The term ICO been around since 2013 when Mastercoin launched the first ever Initial Coin Offering and raised a modest $600,000 in the process. Since then the numbers have only grown larger.
Top 3 ICOs of 2017
Top 3 ICOs of 2018
|2||Telegram ICO (Private Pre-sale 1 & 2)||$1,700,000,000|
|3||Petro (Private Pre-Sale)||$735,000,000|
The number of ICOs launched per year has also greatly increased, rising from 43 in 2016 to over 700 in the first half of 2018.
So just what exactly is an ICO?
1. What Is an ICO?
An ICO, or Initial Coin Offering, is when a cryptocurrency startup sells off a portion of its coins or tokens to early investors. Those who believe in the future of the project buy the tokens in exchange for (usually) Bitcoin or Ether, and the proceeds go towards funding the cryptocurrency project.
In this sense, an ICO is similar to crowdfunding. If the project becomes a success, the tokens increase in value and the investors are rewarded for their early purchase.
An ICO differs from an IPO (Initial Public Offering) on the stock market, since an IPO sells shares of a company, while most ICOs don’t sell equity.
Why launch an ICO?
Holding an ICO allows a team to retain equity in the company while incentivizing the community through tokens.
The real advantage of an ICO is that it is a marketing tool as well as a source of funding, as every new coin or token gets reviewed and analyzed by the online cryptocurrency community of experts and pundits. This amounts to publicity which would otherwise have to be bought.
For investors, a significant advantage is liquidity. A token has a price immediately upon its sale and can be sold in the global crypto market. This is quite different from equity, as it can take many years for seed investment equity to become liquid in an exit.
How to launch an ICO?
In the early days of ICO launches, the details of an Initial Coin Offering would be laid out on the Bitcointalk forum, where the team would present their whitepaper, concept and plan of action to the still small crypto community.
Today, crypto startups have moved beyond forums and typically launch with their own websites, complete with accompanying video packages, graphics, and a strong sales pitch. They build a social media presence across multiple platforms in the months leading up to the ICO, conduct interviews, and generally try to generate as much heat as possible.
For the non-technical user, the act of launching an ICO has never been simpler. Multiple blockchain projects like Ethereum, Waves, EOS, and NEO are all designed to make it easy to launch tokens directly on their blockchains.
Those who don’t feel comfortable interacting with platforms like Ethereum can outsource the work to ICO platforms. Multiple services have popped up online which take care of the token creation process for you, leaving you to concentrate on other aspects of the project, including ICO marketing.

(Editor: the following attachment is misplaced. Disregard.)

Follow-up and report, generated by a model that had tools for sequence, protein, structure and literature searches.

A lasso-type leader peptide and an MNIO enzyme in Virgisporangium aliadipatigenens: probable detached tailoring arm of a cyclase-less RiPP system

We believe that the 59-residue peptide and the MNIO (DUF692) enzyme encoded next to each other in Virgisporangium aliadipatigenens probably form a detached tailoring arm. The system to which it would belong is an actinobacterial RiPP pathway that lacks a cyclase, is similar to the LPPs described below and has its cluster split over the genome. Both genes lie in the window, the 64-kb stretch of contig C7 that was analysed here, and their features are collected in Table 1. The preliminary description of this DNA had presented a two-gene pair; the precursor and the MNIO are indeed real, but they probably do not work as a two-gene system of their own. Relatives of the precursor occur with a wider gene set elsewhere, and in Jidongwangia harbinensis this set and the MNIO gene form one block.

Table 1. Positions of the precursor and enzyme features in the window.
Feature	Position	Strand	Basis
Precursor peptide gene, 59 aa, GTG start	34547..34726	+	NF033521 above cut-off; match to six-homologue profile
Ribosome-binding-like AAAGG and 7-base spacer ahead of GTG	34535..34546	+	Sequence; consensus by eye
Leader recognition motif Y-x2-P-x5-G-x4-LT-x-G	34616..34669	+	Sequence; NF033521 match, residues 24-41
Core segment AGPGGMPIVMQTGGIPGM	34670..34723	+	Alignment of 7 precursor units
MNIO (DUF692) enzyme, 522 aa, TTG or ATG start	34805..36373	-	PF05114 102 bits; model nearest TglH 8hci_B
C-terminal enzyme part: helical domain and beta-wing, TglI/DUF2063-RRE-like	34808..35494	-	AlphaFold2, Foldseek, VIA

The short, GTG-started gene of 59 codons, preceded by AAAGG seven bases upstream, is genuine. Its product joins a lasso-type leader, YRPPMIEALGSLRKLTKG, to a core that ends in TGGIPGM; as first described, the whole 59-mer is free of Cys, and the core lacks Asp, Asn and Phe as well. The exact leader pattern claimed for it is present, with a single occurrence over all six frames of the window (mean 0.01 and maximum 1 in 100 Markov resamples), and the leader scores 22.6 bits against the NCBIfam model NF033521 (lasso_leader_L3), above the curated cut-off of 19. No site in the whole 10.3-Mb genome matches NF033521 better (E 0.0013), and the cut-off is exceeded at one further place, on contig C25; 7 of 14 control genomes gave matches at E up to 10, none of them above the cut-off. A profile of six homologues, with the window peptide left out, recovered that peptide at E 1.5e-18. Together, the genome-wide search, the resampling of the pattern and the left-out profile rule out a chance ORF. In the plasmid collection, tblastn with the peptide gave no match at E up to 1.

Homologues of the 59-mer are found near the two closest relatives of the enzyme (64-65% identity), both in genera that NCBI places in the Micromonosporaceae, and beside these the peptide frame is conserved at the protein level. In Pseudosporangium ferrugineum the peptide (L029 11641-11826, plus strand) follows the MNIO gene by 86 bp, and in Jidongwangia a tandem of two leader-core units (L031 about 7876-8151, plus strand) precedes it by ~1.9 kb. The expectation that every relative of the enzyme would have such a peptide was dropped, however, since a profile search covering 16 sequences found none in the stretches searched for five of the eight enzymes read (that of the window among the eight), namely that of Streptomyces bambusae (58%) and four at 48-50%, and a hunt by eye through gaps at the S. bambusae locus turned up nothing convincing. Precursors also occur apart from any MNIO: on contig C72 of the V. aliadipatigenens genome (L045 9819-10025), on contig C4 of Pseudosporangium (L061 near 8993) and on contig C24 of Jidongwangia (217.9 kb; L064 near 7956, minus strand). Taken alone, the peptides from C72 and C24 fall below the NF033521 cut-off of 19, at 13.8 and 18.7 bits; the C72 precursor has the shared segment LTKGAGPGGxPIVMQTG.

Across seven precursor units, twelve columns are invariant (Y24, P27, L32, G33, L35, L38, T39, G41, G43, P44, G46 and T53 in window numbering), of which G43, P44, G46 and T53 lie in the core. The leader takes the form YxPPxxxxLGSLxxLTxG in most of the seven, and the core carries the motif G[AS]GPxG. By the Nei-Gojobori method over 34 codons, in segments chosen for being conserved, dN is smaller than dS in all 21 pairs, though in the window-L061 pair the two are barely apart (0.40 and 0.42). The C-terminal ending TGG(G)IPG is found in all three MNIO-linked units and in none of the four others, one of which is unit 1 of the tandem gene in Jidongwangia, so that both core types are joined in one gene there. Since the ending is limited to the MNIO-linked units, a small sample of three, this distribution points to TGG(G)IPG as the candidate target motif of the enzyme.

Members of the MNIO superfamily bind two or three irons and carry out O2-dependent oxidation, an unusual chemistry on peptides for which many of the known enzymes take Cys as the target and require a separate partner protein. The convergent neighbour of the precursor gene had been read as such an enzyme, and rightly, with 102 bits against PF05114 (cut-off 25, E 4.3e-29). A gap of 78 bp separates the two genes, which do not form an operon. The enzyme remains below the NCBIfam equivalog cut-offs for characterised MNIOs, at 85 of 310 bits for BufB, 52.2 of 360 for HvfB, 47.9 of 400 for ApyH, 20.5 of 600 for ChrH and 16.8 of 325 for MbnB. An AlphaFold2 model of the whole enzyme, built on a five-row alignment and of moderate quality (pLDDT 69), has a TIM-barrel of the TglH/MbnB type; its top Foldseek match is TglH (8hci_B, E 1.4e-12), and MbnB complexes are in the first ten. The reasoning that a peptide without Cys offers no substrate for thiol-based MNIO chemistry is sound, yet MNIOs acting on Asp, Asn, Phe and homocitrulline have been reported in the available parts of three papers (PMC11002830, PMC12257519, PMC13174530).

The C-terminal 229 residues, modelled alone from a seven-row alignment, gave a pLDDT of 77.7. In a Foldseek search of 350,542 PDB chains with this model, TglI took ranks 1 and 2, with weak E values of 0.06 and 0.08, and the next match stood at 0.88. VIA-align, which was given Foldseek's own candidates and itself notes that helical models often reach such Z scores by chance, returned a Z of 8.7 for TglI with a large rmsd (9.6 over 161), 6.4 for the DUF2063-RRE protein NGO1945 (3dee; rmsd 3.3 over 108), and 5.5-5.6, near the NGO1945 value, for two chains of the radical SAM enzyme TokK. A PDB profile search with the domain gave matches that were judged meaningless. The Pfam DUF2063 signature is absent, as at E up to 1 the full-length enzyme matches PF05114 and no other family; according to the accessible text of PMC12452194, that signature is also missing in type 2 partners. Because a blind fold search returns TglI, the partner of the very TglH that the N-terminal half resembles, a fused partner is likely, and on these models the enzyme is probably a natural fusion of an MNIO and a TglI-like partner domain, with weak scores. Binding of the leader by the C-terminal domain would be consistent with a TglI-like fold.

2. Stages of an ICO
An ICO is often broken down into several stages, with each offering different bonus structures for investors. Before the coin offering goes live a ‘pre-ICO’ may be held which is made up of two main stages: the private presale and the public presale.
Typically aimed at institutional investors, this round of the pre-ICO is private and unannounced, and gives high-volume investors a chance to get in early. Coins sold during this phase are often half the price they will be in the later phases since the goal is to attract big players to the project. A minimum investment amount can be put in place which can reach five or six figures.
Normally there is a maximum amount that can be sold during a private presale, known as a hard cap. A hard cap is an upper limit on the number of coins that can be sold, and once the hard cap is reached the team moves on to the next stage of the pre-ICO.
During the public presale, the token continues to be sold at discounted rates, but this time the sale is public and the average investor can get involved. The public presale can still come with a minimum buy-in amount, often totaling thousands of dollars.
As with the private presale, once the specified hard cap is reached, the sale moves on to its next phase.
Initial Coin Offering
This is when the bulk of the token sale gets underway and usually lasts thirty days from start to finish. If a hard cap is in place and the coin is in high demand, the sale could end in a matter of minutes. Some ICO’s have also launched without hard caps and merely run for an extended period of time (see EOS).
There is usually no minimum purchase amount in place, and investors are free to pick up as many tokens as they like.